4 Strategies for Lessons Learned That Won't Monopolize Your Time

Picture from a solo delta/plus session. A little lonely, but effective!
It's so interesting that when we focus on a specific topic, we start to see it and hear it everywhere. A few months ago, Tocci's virtual design & construction (VDC) department decided we needed a more systematic way tof collect, share, and implement 'lessons learned'. And since then, I have noticed a variety of ideas, strategies, and tools. 

It is important to gather lessons learned on all types of projects, initiatives, and programs. It is especially important when using new processes - so perhaps, use of disruptive technology and processes! At the same time, it is really hard to do consistently, since we are all so busy doing the work of the project.

Given that, I thought I would share some of the strategies I've used or recently heard:

Delta/Plus Sessions

This is a strategy I really like to use. After a specific activity or process, we gather those involved in the process to identify the pluses ('what worked') and the deltas ('what didn't'). While I (and many others I'm sure) was originally introduced to these sessions through various lean literature and conversations, I recently also started using the simpler language of 'what worked' and 'what didn't' (courtesy of John Wachter, of Wachter Consulting).

Since lessons learned tend to have a negative connotation, I like requiring focus on the pluses - it can identify successful strategies that may benefit similar projects or processes. First we brainstorm individually on red and green post-its, then we share with the group and cluster them to identify common reflections. We typically select several items to focus on and identify:
  • resolutions to the 'what didn't'
  • ways to codify the 'what worked'
Best Practices Lunch and Learn
I had lunch with an architect a few weeks ago, and he shared the method his firm uses. Basically, they pick a topic (i.e. egress plans, LEED tracking, or coordination with structure) and gather related assets from a number  of recent projects. At the lunch and learn, attendees (whoever is available) divide up into facilitated teams review and discuss the topic, using the materials available as triggers for 'what worked' and 'what didn't'. While they don't document all of the their discussions for central storage and access, they find it an effective way for more junior staff to learn from more experienced staff.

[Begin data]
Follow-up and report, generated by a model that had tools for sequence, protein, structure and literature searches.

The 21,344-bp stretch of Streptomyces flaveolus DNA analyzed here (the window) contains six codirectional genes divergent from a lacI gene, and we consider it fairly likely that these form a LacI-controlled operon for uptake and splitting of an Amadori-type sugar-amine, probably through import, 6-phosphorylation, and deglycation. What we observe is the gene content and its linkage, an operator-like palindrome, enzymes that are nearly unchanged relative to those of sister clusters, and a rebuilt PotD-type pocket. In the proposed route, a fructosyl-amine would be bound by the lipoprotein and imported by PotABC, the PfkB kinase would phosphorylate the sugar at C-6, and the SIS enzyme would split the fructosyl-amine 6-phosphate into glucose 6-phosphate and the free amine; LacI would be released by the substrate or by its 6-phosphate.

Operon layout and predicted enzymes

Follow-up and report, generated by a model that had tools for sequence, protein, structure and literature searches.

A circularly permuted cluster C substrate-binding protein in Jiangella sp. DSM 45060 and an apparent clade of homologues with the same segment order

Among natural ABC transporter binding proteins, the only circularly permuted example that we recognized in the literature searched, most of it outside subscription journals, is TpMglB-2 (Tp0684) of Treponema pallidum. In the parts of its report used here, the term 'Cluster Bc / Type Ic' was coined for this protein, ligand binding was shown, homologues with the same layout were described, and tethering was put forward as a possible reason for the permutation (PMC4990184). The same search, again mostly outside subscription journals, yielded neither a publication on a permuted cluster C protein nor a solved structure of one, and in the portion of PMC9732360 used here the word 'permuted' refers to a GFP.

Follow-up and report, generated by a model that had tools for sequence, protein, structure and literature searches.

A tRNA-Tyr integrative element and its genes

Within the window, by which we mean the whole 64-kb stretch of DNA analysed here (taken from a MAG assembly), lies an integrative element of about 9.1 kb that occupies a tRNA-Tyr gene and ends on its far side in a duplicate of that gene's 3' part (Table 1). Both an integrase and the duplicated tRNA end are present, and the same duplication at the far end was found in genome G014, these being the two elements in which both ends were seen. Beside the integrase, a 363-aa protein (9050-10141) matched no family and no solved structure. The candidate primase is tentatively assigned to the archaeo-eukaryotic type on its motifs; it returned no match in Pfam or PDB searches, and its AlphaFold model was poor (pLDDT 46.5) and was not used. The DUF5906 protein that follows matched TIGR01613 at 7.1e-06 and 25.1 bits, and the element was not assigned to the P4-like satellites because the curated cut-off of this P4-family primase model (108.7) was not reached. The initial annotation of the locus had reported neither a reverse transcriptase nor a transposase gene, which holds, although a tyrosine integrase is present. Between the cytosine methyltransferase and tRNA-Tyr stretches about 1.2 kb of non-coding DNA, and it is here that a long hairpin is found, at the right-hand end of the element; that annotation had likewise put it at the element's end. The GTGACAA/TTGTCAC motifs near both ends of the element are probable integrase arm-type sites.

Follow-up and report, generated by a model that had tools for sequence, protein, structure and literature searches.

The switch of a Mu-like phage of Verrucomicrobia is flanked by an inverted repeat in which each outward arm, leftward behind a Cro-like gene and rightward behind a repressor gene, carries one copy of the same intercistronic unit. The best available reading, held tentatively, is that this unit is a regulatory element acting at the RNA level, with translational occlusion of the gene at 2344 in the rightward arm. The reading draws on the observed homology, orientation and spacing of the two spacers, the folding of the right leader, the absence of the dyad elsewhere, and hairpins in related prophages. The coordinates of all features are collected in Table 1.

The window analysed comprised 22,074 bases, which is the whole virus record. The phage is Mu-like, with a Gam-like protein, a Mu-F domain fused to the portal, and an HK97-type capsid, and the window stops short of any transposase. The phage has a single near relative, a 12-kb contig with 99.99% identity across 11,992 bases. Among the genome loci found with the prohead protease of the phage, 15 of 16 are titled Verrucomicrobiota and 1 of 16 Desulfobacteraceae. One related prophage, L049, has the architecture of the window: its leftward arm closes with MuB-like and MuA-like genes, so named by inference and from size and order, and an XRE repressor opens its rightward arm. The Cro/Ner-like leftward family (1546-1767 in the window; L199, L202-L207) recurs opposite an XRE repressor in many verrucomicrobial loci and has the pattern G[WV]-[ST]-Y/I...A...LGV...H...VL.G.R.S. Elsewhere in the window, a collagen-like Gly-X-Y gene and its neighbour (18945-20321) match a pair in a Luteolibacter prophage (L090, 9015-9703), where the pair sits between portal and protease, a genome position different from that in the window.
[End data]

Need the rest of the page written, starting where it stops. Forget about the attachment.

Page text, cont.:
Tech Notes

One of my team members has termed his lessons learned methodology as "tech notes". Basically, he saves miscellaneous documentation related to a particular issue (i.e. cooling tower replacement or as-built BIM development) in a single Word document - emails, sketches, RFIs, pictures, and other items. At the end of the process, he can review everything he has, and identify lessons learned and strategies for future initiatives. I see a few benefits to this:
  • It is easy to implement as an individual, so you don't have to worry about spearheading a large initiative or getting corporate approval.
  • Because its just capturing work product, it doesn't take up a significant amount of time during the process or project. You don't have to worry about it taking away from results. 
  • When you are ready to summarize lessons learned, the tech notes serve as a reminder for things you may have forgotten.

Lessons Learned Log

I was doing some research on databases and templates for lessons learned and found a really simple template at Project Management Doc. I haven't had a chance to implement it yet, but I love the log, recommended by Project Management Docs to communicate lessons learned in a consistent manner. I can see maintaining one as an individual, department, or project team.

How are you gathering best practices and lessons learned? How do you share them? Leave a note in the comments or tweet to me.


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